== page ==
A good sci-fi needs a solid philosophical idea. Something to ground the fanciful stuff - the spaceships and monsters. Ridley Scott’s Prometheus is no exception. Guiding the story is the big question: “Where did we come from?” The crew of the titular ship are on a mission to find out if mysterious alien "Engineers" are responsible for creating the human race. But because this is still part of the Alien series, Prometheus has to include the sci-fi/horror jump moments that we expect from the franchise.
Most of the scares work well, but they eventually distract from the high-minded concept that the movie begins with. As the third act of Prometheus opens, character development and dialogue suffer as the human explorers scream and run and die in grisly ways. Even so, Prometheus is a compelling science-fiction tale with enough depth to bring it well above your average monster movie.
The movie opens with its take on the origin of life on Earth: an alien visitor with the physique of a bodybuilder sacrifices his own genetic material to kick-start the evolutionary process. Millennia later, our protagonists Dr. Elizabeth Shaw (Noomi Rapace) and Dr. Charlie Holloway (Logan Marshall-Green) are hell-bent on finding and speaking to our alien creators, even if takes them to a hostile planet light-years from home.
Sponsoring the trek is the mysterious and absurdly successful Weyland Corporation, represented on the ship by the icy Meredith Vickers (Charlize Theron). Of course, the company has other intentions for spending a trillion dollars on the voyage, plans that are hinted at by the eerily subversive android David (Michael Fassbender).
Once the crew lands on the planet and finds that it’s not the treasure trove of answers they expected, David becomes the key to both the team’s downfall and to the future events of the Alien series.
When it comes to sci-fi, I always prefer the quiet contemplation of man’s place in the stars to the slasher-flick horror of monsters hiding in dark corridors. When the scares do start, we get classic lines like “It’s in my suit! Graghh!” , and an ever-increasing body count.
It's all to be expected from the series, but the list of things that try to infect, maim or kill the crew seems a bit confused. Alien snake-things, zombie infections and plenty more (familiar) beasties all seem to call this place home. I could never quite sort out how all these predatory things co-exist when there’s no chewy humans to digest.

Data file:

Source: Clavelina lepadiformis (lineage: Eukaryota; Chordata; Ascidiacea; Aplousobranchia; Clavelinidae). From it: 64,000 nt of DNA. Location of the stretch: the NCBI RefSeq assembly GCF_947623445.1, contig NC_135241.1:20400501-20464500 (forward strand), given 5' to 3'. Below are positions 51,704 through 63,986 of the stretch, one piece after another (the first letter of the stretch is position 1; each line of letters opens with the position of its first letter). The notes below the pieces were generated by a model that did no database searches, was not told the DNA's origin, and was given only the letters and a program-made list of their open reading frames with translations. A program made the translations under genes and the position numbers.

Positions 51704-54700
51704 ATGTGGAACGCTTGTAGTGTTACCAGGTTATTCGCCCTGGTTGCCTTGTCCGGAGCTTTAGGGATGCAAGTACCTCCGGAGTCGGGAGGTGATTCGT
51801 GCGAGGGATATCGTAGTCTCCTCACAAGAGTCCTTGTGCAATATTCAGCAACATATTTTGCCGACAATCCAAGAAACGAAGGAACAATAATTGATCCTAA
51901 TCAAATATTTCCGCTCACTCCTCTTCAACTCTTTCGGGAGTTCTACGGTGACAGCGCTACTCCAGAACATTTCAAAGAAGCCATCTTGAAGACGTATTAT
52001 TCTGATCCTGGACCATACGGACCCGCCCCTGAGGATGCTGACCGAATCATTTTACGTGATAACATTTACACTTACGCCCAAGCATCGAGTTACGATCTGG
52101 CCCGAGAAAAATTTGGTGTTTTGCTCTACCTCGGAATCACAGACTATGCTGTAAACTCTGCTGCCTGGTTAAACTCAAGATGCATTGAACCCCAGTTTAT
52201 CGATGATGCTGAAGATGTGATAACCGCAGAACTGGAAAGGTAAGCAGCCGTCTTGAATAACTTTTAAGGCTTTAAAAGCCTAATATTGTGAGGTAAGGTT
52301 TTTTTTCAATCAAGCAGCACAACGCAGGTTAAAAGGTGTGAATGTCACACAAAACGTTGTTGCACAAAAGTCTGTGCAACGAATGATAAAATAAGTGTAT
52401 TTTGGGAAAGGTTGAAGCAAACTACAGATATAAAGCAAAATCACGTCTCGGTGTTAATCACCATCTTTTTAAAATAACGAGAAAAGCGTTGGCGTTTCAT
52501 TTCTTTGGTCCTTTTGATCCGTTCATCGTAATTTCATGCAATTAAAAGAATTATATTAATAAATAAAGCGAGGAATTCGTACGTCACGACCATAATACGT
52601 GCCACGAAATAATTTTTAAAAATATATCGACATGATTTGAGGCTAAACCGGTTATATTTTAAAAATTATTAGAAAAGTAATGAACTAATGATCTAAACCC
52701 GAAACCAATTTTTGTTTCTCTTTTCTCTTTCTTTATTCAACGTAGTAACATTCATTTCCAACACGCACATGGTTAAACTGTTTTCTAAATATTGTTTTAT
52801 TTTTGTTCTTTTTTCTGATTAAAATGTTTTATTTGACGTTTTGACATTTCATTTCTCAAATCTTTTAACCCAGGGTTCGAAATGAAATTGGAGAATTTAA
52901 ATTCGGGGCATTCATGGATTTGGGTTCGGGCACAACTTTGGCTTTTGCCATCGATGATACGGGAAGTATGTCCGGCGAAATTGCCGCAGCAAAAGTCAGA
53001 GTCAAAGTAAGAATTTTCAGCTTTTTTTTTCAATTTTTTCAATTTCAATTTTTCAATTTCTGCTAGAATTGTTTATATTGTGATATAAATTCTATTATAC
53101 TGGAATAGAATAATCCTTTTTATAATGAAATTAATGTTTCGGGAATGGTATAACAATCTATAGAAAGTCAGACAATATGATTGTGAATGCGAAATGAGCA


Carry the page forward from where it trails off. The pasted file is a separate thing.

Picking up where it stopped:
When the casualties really start to pile up, the film stumbles a bit trying to decide if it wants to descend into simple horror or stick to the big ideas of its premise. Logic - and more importantly, drama - take a back seat. Eventually, when the crew are left with a crucial decision about preserving their home planet, they seem to make up their minds far too easily. Prometheus goes too far to spook us, and robs us of a good emotional payoff.
Because of that, I was happy the film drops plenty of references to the Greek mythology that inspired the title, and makes David into a fan of David Lean’s masterpiece Lawrence of Arabia. For me, the most chilling moments in Prometheus came when David twists hopeful quotes from Lawrence into creepy predictions, like “Big things have small beginnings.” The unifying message of the classic film becomes a threat of violence and death.
It’s clear that Ridley Scott has a double purpose in making Prometheus. He’s revisiting the series that launched his career, expanding on the world he helped create and answering some long held questions about the series’ mythology. He’s also having a bit of fun, by taking a step away from the serious movies he’s made recently and returning to a genre that allows endless creative opportunities.
Whatever Scott’s motivations, Prometheus strikes an uneasy balance between creepiness and conceptual sci-fi. If it wasn’t trying to please fans of the Alien series, the movie might have been more rewarding as a standalone film. Prometheus gets three stars out of four.
What did you think of Prometheus? Did you see it as a longtime Alien fan, or are you new to the series? Do you think it needs its own sequel? Let me know in the comments section! If you liked this review, check out my other reviews of recent releases, or if the oldies are your thing, take a look at my Reviews of Classic Movies series:
Reviews of Classic Movies: